November 20, 2019

Diabetes | Barbara’s Story

>>Really, diabetes is
no game to play with. You’re playing with your
life and I know that. I am 72. I go to school for my high school diploma. I’m raising one granddaughter. I try to stay busy. I like to be around other people and I always believe in speaking to people and I always smile. I was with my husband for 52 years. I’ve raised three of my
grandbabies my own self. The last one I raised, she’s 26, now. (soft music) Everything really happened
to me when I got in my 60s. I went out and I thought it was the air. I said, something in the air made me sick. And I got sick and all
of a sudden I got cold and everything so my
husband called an ambulance. So when the ambulance came, you know, they were asking my husband, you know, about what kind of
sickness I had or whatever. My husband, the only thing he
know was high blood pressure. So the ambulance guy he said,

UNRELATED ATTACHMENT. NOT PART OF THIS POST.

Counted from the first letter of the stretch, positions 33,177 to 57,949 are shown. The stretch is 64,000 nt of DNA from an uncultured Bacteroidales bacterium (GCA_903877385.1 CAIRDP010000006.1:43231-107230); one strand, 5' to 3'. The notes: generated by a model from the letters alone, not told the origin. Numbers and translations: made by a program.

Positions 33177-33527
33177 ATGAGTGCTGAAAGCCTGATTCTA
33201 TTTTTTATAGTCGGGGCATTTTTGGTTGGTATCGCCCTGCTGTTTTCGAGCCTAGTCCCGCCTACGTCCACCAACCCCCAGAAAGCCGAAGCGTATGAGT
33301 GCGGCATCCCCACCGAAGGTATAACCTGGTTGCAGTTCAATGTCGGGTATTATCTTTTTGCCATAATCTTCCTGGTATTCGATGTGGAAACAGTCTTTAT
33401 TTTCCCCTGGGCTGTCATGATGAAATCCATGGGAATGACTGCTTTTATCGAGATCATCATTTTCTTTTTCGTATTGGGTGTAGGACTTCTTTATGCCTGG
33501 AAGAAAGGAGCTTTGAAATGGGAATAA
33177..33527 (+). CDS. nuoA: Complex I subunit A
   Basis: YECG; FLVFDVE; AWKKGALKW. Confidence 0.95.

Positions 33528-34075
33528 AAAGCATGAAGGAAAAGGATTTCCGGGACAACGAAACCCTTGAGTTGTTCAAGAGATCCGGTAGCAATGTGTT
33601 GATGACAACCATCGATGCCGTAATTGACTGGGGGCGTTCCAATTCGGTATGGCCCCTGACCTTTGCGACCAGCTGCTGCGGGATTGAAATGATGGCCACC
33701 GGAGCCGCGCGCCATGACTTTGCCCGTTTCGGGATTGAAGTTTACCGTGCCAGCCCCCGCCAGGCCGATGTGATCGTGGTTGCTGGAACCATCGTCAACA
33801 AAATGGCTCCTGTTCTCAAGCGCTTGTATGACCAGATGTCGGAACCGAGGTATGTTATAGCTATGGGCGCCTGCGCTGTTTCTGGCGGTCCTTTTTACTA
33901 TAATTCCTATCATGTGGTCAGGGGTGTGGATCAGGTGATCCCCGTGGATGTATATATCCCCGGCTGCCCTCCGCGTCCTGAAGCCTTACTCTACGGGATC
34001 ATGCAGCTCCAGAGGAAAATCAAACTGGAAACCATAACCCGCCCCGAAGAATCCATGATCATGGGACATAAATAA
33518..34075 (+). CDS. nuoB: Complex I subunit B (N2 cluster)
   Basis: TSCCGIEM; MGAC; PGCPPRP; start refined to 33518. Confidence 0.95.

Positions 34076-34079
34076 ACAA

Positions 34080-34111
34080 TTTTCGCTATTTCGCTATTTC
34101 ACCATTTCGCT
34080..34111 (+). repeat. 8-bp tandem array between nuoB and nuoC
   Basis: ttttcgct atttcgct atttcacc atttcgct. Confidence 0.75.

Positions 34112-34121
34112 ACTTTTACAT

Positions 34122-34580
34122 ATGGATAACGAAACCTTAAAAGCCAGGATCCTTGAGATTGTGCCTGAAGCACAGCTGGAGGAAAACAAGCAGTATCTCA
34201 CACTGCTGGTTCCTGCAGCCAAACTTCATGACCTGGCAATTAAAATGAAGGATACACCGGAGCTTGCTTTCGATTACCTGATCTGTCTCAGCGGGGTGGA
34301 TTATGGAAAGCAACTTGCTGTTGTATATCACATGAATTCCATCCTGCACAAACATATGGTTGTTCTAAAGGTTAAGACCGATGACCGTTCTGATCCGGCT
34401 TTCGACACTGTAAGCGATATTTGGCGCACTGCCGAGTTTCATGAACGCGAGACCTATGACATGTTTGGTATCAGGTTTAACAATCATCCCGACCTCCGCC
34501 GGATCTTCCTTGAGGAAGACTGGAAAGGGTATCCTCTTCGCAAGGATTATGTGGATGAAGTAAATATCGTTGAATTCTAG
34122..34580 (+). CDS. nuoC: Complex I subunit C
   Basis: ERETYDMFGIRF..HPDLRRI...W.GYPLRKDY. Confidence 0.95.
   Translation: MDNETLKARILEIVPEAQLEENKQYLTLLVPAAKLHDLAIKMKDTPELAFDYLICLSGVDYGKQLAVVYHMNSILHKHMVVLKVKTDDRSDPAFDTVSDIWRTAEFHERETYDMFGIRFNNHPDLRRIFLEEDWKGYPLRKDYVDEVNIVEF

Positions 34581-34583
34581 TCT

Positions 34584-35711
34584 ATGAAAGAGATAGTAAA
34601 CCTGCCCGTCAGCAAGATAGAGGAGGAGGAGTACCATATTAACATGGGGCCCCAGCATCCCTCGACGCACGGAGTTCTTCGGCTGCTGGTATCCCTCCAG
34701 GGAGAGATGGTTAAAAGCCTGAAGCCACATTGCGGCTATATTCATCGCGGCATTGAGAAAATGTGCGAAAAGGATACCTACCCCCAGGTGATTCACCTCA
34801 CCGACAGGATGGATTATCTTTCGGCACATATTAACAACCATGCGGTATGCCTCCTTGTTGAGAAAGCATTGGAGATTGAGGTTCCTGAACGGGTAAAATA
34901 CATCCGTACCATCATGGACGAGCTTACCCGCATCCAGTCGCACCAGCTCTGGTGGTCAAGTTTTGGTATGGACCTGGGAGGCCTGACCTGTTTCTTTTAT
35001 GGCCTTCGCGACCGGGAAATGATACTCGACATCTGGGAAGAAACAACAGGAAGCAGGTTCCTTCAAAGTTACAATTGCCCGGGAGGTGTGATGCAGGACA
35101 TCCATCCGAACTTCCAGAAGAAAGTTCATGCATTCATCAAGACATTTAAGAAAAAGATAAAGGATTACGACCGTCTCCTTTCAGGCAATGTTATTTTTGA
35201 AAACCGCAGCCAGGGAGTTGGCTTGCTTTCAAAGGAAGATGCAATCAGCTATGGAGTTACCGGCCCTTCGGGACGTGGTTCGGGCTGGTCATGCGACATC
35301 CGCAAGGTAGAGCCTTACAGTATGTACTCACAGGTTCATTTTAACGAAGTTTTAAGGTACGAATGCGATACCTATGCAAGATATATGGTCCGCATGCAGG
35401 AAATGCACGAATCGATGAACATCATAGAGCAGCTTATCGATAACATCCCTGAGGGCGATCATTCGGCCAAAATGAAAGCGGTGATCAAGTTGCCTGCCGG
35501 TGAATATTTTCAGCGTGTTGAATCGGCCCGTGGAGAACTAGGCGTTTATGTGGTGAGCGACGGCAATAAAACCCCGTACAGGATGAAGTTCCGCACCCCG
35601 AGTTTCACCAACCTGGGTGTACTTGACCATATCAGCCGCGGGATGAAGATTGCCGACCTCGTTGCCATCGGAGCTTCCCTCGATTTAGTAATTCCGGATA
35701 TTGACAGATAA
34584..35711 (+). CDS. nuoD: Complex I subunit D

I’m gonna take your sugar. My sugar was 550. When I found out I had diabetes I really didn’t believe it at first. That’s when I found out my
husband had throat cancer, so I quit and I stayed with him and he died 2014, in January of 2014. The other day my grandbaby asked me, what’s gonna, if
something happened to you, what’s gonna happen to me? You know, I never thought about that and she say, you getting old, grandma. I said, no, I’m not. I’m not old. I said, you think I’m old. She said, you almost 100. I said, no, I’m not. I came to Bayview and stayed three days and I learned how to
give my own self needles while I was here and, I went home. They treated me good. The nurses and the doctors that came around early in the morning, they treated me good. I feel really good
coming to Johns Hopkins. I didn’t like going
but, I learned to come. You gonna hear things that
you don’t want to hear but then it’ll be good
that you do hear ’em. Go get the help, so you can help yourself. Don’t wait.

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